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The Anecdotage of Glasgow
A soft-hearted Glasgow Bailie


A POOR man made his appearance at the bar of the Gorbals police court, Glasgow, charged with being drunk and disorderly on the streets, when, after a patient hearing, the presiding bailie, who seems to have possessed little of that firmness and dignity required for the magisterial office, ordered him to pay a fine of fifteen shillings, upon which the following dramatic colloquy occurred

"Fifteen shillings !" vociferated the man, with more points of admiration in his tone than we can spare room foró "fifteen shillings! Bailie, yeíre surely no in earnest. Bless ye, when will I win fifteen shillings to giíe ye?"

Well," said the bailie, yielding, "Iíll make it half-a-guinea, and not a farthing less !"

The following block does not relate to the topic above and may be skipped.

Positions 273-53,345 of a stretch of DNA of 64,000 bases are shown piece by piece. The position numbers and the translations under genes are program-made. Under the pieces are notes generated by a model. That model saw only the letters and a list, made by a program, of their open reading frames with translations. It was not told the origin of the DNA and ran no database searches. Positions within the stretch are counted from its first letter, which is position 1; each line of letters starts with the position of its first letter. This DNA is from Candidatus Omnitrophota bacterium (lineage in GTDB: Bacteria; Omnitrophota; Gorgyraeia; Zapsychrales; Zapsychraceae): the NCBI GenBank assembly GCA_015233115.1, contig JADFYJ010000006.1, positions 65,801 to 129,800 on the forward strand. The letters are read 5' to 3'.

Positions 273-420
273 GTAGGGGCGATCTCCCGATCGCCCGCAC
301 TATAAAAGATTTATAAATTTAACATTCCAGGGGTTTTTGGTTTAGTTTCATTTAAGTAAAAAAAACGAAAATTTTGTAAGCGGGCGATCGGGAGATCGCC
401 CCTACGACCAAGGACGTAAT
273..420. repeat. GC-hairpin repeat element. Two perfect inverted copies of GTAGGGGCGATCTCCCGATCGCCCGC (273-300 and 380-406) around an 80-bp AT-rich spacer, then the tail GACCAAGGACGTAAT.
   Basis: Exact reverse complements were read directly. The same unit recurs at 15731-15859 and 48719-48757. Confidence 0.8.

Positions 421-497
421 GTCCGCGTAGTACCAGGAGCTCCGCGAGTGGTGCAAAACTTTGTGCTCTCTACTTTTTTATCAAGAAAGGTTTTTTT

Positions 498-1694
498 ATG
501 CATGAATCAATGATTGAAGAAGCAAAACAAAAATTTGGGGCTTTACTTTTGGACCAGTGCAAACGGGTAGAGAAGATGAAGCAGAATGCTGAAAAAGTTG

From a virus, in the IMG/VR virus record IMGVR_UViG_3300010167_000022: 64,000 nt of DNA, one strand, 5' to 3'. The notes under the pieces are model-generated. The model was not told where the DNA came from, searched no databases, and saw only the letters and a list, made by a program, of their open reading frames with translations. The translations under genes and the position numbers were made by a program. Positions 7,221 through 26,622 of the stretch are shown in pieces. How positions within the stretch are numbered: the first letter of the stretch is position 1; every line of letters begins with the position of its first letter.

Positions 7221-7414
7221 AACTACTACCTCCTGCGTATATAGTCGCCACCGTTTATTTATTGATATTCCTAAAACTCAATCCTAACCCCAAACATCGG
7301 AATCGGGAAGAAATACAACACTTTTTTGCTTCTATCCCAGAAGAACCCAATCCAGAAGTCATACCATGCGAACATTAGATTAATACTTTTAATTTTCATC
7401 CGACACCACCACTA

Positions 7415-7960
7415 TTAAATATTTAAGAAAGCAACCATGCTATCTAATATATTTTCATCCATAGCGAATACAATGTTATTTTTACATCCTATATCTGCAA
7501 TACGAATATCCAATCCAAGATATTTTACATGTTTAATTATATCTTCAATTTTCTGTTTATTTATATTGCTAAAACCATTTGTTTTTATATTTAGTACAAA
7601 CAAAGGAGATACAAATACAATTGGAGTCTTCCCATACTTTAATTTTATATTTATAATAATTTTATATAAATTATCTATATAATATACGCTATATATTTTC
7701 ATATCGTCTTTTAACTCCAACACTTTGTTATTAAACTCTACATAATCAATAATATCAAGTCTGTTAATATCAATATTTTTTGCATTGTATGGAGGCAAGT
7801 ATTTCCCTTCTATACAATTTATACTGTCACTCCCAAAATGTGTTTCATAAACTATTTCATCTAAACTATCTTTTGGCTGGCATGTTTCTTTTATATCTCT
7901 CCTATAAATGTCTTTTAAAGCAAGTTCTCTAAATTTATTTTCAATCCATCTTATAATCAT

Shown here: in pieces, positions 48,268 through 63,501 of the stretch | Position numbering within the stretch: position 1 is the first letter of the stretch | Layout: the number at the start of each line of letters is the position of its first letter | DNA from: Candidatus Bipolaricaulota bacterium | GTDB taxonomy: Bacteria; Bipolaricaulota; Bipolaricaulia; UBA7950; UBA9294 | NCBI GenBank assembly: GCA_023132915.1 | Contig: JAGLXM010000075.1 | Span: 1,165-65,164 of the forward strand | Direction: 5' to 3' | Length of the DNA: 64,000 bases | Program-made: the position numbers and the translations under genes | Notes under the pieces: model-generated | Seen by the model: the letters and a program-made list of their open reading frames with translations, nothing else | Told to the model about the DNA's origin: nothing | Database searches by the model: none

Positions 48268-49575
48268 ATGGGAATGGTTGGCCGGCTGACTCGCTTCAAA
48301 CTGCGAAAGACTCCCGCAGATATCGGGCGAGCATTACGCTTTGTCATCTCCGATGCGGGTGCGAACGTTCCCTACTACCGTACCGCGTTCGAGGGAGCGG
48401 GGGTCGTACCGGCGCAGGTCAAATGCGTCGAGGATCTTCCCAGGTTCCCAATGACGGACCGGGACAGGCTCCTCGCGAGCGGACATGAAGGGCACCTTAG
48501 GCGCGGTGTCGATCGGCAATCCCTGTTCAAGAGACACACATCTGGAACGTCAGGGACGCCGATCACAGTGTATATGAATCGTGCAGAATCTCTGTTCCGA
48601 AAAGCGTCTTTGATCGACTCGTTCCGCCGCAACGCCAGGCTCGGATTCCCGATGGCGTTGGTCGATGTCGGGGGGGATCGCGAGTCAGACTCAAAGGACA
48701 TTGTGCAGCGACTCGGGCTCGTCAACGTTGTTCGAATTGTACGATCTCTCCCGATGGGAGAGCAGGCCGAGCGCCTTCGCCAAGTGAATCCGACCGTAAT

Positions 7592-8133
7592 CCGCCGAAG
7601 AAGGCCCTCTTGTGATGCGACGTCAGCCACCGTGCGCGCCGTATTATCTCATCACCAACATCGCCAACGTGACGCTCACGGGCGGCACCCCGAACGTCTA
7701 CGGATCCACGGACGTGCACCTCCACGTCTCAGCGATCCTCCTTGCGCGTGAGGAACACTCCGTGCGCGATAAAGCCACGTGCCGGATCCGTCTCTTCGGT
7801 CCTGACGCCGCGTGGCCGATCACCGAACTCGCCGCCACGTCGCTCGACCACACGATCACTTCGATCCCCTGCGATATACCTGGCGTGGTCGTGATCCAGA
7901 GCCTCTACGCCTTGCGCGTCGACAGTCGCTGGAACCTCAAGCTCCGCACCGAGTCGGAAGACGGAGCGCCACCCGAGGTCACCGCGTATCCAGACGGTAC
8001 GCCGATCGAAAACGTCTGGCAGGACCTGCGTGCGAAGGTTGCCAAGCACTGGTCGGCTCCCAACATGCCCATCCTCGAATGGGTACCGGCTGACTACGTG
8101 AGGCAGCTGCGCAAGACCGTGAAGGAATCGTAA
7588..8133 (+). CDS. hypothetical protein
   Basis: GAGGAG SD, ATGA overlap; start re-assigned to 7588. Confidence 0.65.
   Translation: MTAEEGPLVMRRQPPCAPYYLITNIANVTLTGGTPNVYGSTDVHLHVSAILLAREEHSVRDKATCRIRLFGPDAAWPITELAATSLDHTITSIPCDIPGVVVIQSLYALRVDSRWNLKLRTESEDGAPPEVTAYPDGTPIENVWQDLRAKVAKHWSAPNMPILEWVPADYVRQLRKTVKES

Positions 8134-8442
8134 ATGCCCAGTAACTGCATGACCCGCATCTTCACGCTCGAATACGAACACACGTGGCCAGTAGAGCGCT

"Half-a-guinea, bailie! If ye fine me in half-a-guinea, whatís to come oí my puir wife and weans for a month to come ! We must just starve, thereís nae ither way for it," said the offender in a most lugubrious tone; "we must starve or beg."

"Well," said the relenting bailie, "Iíll make it seven and sixpence, and not a farthing less!"

"Seven and sixpence!" says the still unsatisfied offender; "thatís just the half oí my weekís wages, an thereís no a grain oí meal in the house, nor a bit oí coal to make it ready wií, even though there were. Oh! bailie, think what a sum seven and sixpence is to a working man!"

"Well, well," said the good-natured magistrate, "Iíll make it five shillings, and not a farthing less; though ye were the king on the throne Iíll not make it less!"

"Weel, weel, bailie, Mary and me and the weans maun just submit," said the knavish culprit, affecting to weep; at the same time saying, as if to himself, yet so loud as the bailie could hear himó" Blessed is he that wisely doth the poor manís case consider."

The bailie could not stand the silent appeal of tears, nor the apt quotation he had made.

Well, well," again says the bailie, "Iíll make it half-a-crown, and, though ye were my ain brither, I couldna make it less!"


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